HIBISCUS SABDARIFFA L.

Family: Malvaceae

Bengali/Vernacular Name: Lalmesta, Mesta, Patwa; Kharapata (Chittagong).

Tribal Name: Jang Gri Se (Marma); Sung Krak (Bowm); Kan Sur Ka (Murong).

English Name: Indian Sorrel, Jamaica Sorrel, Natal Sorrel, Red Sorrel, Rosella, Rozelle Hemp.

Description of the Plant:
An erect shrubby annual with red stem and branches. Leaves 5-7.5 cm long, cuneate at the base, usually 3-5 lobed; lobes lanceolate or oblong, serrate. Flowers large, purple with darker centre, axillary, solitary. Capsules ovoid, beaked, hairy.

Using Information:
Leaves are emollient; in Guinea, they are much used as a diuretic, sedative and refrigerant. Decoction of the leaf is laxative. Fruits are antiscorbutic; used in dysentery and diarrhoea. Succulent sepals and leaves are recommended as antimicrobial, anthelmintic and hypotensive drug. Seed oil is used in scabies. The plant has cathartic properties (Yusuf et al. 2009). Seed oil possesses antimicrobial activity (Asolkar et al., 1992).

Chemical Constituents:
The fruits, leaves and stems contain d-malic acid. Leaves contain sitosterol- β-D-galactoside. High concentration of hibiscic acid, flavonoid and heterosides have been isolated from flower (Asolkar et al., 1992). Extract of flowers contain reducing sugars, glycosides, acids, an alkaloid and resins. New glycoside gossytrin have been isolated from flower petals. Seeds contain cholesterol, campesterol, stigmasterol, β-sitosterol, α-spinasterol and ergosterol. Gossypetin-7-glucoside, 8-glucoside, cyanidin-3,5-diglucoside and cyaniding-3(2´-glucosyl-rutnoside); delphinidin-3-sambubioside (canabinin), delphinidin-3-glucoside (myrtillin), cyaniding-3-sambubioside and cyanidin-3-glucoside have also been isolated from the plant (Rastogi & Mehrotra, 1990 & 93).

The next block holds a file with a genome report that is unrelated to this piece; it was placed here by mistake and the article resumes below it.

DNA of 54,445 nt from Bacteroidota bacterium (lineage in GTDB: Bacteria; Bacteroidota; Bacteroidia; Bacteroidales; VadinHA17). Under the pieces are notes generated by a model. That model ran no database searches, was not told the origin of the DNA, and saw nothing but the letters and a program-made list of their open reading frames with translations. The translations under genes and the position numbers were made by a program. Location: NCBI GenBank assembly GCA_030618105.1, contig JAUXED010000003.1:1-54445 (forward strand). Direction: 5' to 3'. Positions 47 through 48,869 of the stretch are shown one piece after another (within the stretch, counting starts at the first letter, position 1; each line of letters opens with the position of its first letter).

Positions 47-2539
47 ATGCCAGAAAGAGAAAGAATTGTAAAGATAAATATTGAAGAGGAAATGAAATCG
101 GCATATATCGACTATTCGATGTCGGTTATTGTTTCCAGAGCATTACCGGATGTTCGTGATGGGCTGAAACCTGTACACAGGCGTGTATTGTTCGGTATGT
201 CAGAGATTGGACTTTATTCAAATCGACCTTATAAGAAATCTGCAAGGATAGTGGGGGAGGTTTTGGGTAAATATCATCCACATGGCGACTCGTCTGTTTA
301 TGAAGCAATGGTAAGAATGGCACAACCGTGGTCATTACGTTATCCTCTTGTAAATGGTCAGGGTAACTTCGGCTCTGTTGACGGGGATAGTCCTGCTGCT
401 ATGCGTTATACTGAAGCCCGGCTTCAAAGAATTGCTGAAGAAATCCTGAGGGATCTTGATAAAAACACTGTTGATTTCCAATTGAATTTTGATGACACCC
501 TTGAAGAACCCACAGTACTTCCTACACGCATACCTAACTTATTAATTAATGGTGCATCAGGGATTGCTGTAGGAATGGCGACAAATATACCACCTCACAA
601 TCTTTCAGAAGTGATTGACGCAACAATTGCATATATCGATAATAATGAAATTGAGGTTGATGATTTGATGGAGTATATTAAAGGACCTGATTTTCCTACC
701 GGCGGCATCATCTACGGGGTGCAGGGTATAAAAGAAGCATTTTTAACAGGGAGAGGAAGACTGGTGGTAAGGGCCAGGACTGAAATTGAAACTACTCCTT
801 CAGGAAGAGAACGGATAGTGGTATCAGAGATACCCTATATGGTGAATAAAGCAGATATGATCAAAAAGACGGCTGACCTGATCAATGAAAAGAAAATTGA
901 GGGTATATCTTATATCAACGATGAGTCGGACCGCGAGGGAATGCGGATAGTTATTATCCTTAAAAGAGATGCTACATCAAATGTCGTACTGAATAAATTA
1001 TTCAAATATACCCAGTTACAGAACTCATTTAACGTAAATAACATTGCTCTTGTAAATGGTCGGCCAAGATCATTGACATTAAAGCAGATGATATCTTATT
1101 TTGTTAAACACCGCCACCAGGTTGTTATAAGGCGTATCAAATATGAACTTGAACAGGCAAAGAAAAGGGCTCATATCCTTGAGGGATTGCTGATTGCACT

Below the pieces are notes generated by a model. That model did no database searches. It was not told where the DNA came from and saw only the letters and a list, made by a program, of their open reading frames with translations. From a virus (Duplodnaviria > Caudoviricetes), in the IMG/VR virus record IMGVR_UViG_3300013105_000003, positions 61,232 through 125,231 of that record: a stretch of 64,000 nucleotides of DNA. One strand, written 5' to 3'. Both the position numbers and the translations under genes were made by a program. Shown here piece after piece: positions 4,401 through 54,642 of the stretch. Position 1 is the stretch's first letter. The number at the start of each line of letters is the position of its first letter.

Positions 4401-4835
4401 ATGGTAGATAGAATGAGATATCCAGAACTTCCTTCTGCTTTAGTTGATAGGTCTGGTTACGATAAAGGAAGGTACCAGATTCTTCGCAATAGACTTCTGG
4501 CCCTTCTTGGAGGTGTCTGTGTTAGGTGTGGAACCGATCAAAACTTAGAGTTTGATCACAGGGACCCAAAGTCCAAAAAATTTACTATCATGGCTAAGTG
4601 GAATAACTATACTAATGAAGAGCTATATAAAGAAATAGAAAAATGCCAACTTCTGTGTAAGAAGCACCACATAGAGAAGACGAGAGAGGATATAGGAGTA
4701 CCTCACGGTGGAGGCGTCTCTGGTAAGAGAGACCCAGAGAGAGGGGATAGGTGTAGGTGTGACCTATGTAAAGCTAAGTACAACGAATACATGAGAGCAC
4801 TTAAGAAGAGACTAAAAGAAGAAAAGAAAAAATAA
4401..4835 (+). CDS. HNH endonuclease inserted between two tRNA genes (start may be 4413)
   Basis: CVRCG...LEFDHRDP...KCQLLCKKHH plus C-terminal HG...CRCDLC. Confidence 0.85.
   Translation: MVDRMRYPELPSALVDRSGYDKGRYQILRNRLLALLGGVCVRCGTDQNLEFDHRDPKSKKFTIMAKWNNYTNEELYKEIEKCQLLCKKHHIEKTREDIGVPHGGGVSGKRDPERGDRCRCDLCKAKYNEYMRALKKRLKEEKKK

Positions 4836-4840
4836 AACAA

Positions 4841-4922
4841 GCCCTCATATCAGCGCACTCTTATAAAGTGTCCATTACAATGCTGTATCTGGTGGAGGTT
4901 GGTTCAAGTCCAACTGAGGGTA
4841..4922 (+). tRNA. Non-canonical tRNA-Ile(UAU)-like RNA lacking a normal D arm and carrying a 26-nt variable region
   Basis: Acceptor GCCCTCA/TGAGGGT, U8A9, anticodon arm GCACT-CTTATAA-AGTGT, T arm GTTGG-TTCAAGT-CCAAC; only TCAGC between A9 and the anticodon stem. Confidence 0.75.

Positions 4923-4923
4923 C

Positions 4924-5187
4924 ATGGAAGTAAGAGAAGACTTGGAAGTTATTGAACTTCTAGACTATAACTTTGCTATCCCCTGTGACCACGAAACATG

HIBISCUS SABDARIFFA
HIBISCUS SABDARIFFA L.


Distribution:
Cultivated throughout the country.


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Retutn from HIBISCUS SABDARIFFA to Medicinal Plants: Part H